From Egypt over al-Sisi chocolate to Ukraine: The unpredictability of revolution
Obama, least popular president in decades, restarts cold war


As Russian armoured personnel carriers patrolled the streets of nearby Sevastopol, the troops in Balaklava — who all actually wore black balaclavas to hide their faces — blocked access to the port area, where millionaires’ yachts are moored near fishing dories and small warships.

The troops all carried assault rifles and were calm and relaxed. Unlike in Chechnya, they allowed everyone to take their pictures or shoot video of them.

The soldiers spoke quietly sometimes among themselves, but never said a word to the crowd of adoring Crimean Russians or to the handful of western journalists there.


As Ukraine put its troops on full combat alert late Saturday, fearing further Russian military moves into northeastern Ukraine, U.S. President Barack Obama and Russia’s Putin spoke for 90 minutes on the telephone without apparently resolving anything.


Russian notes released after that conversation made it ominously clear that Russia reserved the right to send a larger force into eastern Ukraine, where there was bloody fighting today between pro-European and pro-Russian activists. The coal mining region, which includes the cities of Luhansk, Donetsk and Kharkiv, has a large ethnic population and has close economic ties with Russia.

After an emergency cabinet meeting, Canada recalled its ambassador to Moscow, ceased preparations for the upcoming G8 Summit in Sochi, Russia and urged that international monitors go to Ukraine to monitor the rapidly deteriorating situation.


The caretaker government installed in Kyiv after the pro-Russian president Viktor Yanukovych was toppled last Saturday, could do nothing to prevent the sudden takeover of the Crimean Peninsula by Russian troops. It spent Saturday feebly considering whether to convene parliament on Sunday to discuss whether it should mobilize troops to try to take back what Russia had apparently occupied without a shot being fired.

In what sounded like a Cold War declaration from another, distant era, U.S. President Barack Obama warned Russia on Friday that “there will be costs” if Russia sent its combat forces into Ukraine.


Ignoring Obama and many other western leaders, Putin formally asked parliament Saturday for permission to use “the armed forces of the Russian Federation on the territory of Ukraine pending the normalization of the sociopolitical situation in that country.”


Despite Washington’s deep concern over developments in Ukraine, it was not obvious what it can do to change the situation there, short of sending troops.

As Russia is a nuclear power and has tens of thousands of troops based near the Ukrainian border, the possibility of any U.S. or NATO military action is deemed extremely unlikely.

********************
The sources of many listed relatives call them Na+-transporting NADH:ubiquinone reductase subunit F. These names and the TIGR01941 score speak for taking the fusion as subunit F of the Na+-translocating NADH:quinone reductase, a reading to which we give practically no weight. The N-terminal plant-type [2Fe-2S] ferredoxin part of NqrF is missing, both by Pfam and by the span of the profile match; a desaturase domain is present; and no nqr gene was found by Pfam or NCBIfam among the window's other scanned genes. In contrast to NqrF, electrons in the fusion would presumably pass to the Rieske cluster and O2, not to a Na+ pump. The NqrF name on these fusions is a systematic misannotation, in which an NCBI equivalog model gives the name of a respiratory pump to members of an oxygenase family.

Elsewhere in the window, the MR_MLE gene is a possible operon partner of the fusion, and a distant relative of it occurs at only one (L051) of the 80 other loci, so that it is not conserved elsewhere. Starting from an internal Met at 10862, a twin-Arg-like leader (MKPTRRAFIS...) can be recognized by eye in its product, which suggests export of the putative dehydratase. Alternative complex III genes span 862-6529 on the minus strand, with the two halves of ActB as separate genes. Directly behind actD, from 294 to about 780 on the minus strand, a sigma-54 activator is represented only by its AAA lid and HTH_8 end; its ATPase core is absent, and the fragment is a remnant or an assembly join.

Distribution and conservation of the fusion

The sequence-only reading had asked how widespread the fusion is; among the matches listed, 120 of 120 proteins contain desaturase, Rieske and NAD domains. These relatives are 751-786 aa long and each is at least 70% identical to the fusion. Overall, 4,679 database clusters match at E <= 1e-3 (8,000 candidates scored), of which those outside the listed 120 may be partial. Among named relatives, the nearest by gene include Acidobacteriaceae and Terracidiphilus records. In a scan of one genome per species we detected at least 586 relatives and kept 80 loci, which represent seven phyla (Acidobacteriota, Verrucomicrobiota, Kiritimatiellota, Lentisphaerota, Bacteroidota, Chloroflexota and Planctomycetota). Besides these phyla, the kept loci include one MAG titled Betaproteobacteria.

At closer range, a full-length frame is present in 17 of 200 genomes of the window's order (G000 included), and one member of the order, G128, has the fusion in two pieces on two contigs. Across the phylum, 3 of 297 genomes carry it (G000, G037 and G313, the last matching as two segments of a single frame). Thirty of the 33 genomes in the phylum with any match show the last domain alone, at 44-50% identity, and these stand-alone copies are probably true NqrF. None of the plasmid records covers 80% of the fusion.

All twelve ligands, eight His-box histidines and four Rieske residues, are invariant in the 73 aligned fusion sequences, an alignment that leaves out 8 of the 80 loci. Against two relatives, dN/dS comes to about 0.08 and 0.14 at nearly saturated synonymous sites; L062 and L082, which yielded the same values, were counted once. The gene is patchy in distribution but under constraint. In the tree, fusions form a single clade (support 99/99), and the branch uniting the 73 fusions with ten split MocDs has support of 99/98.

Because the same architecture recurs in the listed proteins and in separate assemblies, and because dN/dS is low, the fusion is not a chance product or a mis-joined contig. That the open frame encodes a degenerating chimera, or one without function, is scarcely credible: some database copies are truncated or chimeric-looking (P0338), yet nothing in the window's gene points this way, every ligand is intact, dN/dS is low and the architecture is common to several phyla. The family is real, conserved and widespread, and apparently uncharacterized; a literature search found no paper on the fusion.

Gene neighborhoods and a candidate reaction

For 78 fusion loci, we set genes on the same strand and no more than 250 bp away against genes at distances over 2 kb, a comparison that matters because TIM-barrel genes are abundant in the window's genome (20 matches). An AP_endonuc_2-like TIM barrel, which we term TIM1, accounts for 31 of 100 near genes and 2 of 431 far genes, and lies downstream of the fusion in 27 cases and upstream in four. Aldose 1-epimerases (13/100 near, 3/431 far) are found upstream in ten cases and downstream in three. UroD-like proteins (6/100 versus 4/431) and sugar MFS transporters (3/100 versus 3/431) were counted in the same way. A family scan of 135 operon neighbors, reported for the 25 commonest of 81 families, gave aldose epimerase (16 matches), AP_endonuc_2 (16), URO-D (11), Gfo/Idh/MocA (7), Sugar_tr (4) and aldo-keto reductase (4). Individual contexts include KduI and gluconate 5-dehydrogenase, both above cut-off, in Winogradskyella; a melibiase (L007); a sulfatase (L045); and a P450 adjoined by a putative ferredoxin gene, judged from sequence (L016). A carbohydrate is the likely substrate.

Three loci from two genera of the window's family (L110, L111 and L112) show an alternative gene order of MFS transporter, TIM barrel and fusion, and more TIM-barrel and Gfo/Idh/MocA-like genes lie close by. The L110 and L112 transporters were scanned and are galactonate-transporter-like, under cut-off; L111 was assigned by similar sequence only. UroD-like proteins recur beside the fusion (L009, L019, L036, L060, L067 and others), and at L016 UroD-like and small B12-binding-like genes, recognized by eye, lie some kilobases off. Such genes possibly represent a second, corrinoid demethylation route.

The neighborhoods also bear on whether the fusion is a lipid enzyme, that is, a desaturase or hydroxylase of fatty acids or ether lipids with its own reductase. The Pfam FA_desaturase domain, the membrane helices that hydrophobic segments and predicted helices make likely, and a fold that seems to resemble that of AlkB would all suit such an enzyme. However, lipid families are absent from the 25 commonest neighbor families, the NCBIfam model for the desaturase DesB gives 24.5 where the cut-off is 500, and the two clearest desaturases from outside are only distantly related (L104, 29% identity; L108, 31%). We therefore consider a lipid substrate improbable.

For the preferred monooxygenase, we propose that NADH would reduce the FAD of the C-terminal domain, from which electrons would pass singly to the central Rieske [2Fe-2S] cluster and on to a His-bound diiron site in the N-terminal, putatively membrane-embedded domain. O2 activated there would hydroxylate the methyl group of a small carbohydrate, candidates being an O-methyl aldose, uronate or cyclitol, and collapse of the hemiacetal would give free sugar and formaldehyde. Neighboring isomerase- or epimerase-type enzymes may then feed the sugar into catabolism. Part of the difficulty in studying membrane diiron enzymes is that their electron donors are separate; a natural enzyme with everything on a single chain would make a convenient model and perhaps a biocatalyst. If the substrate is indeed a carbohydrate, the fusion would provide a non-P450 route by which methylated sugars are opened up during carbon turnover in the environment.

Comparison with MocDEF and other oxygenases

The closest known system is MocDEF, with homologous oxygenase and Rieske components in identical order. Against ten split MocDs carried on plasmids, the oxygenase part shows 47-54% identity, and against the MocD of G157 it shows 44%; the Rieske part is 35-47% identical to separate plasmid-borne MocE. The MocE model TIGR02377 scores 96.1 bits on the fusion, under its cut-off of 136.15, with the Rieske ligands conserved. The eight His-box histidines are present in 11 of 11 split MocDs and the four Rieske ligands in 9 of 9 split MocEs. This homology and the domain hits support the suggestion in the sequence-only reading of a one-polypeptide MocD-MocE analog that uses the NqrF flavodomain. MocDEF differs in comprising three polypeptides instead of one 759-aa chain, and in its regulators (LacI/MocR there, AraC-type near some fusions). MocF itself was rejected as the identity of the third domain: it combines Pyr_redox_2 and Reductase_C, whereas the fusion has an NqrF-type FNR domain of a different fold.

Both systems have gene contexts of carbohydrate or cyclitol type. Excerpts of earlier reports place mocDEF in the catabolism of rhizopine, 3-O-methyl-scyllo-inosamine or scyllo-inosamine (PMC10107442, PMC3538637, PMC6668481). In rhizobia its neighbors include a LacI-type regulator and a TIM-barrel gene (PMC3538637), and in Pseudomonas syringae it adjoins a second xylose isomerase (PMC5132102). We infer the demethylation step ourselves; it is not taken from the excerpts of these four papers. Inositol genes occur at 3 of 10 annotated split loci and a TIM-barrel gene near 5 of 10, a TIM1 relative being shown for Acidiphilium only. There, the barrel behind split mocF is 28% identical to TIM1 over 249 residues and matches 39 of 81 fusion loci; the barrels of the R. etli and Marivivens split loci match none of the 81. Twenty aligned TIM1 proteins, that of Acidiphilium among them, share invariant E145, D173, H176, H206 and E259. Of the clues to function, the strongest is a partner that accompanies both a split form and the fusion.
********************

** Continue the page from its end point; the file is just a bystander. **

Although Crimea was not mentioned by name, sources in Moscow said that for now the legislation approved by parliament only pertained to the strategically important peninsula, which juts into the Black Sea.

Putin’s move is likely to be immensely popular in Russia, where most people have always considered the Crimea to be part of that country.


“The people here are afraid of what happened in the west of Ukraine in recent weeks,” said a young stevedore who would only give his name as Sasha as he stood about 10 metres from those troops closest to the harbour.

“There are a lot of Russians in Crimea and we don’t like that new government in Kyiv. We needed to ask Russia for help because we can’t defend ourselves.

“And look at them. They are peaceful. They attack nobody.”

Asked whether it was right for troops from Russia to enter Ukraine, Sasha, who had driven over from Sevastopol to see the scene for himself, replied: “We don’t care where they came from. They came to protect us. I am here to say ‘thanks’ to these guys.”

Among the onlookers carrying the Russian tricolor and the white and flag of the Russian navy were several young couples who had been out on a date.

“We’re really happy tonight,” said 18-year-old Edouard, who was there with his girlfriend, Valeriya. “Sevastopol and Balaklava are Russian cities while Kyiv is in the hands of radicals.”


Given how much more powerful the Russian military was, he predicted that despite the invasion “there will be no fight” with Ukraine.

The Crimea is the only part of Ukraine with a Russian majority. It has had deep military ties here that reach back centuries.

The Crimea was Russian territory until Soviet leader Nikita Khrushchev gave it to Ukraine as gift in 1954. That never really mattered until the Soviet Union disintegrated.

The Crimean Russians have made noises about rejoining Russia from time to time. Since pro-western activists forced Yanukovych from office those demands have reached an almost hysterical pitch.

About 6,000 Russian sailors and marines are based in and near Sevastopol with the Black Sea Fleet as the result of agreements signed with Ukraine when the Soviet Union broke up. Judging by the identifying numbers on their black military license plates, the troops in Balaklava were not from the local garrison, but from the republic of Chuvash, which is about 300 kilometres east of Moscow.

According to CBS News, the number of Russian troops from outside Crimea that have joined the troops permanently based here number between the high hundreds and just over 1,000.”


From Egypt over al-Sisi chocolate to Ukraine: The unpredictability of revolution
Obama, least popular president in decades, restarts cold war
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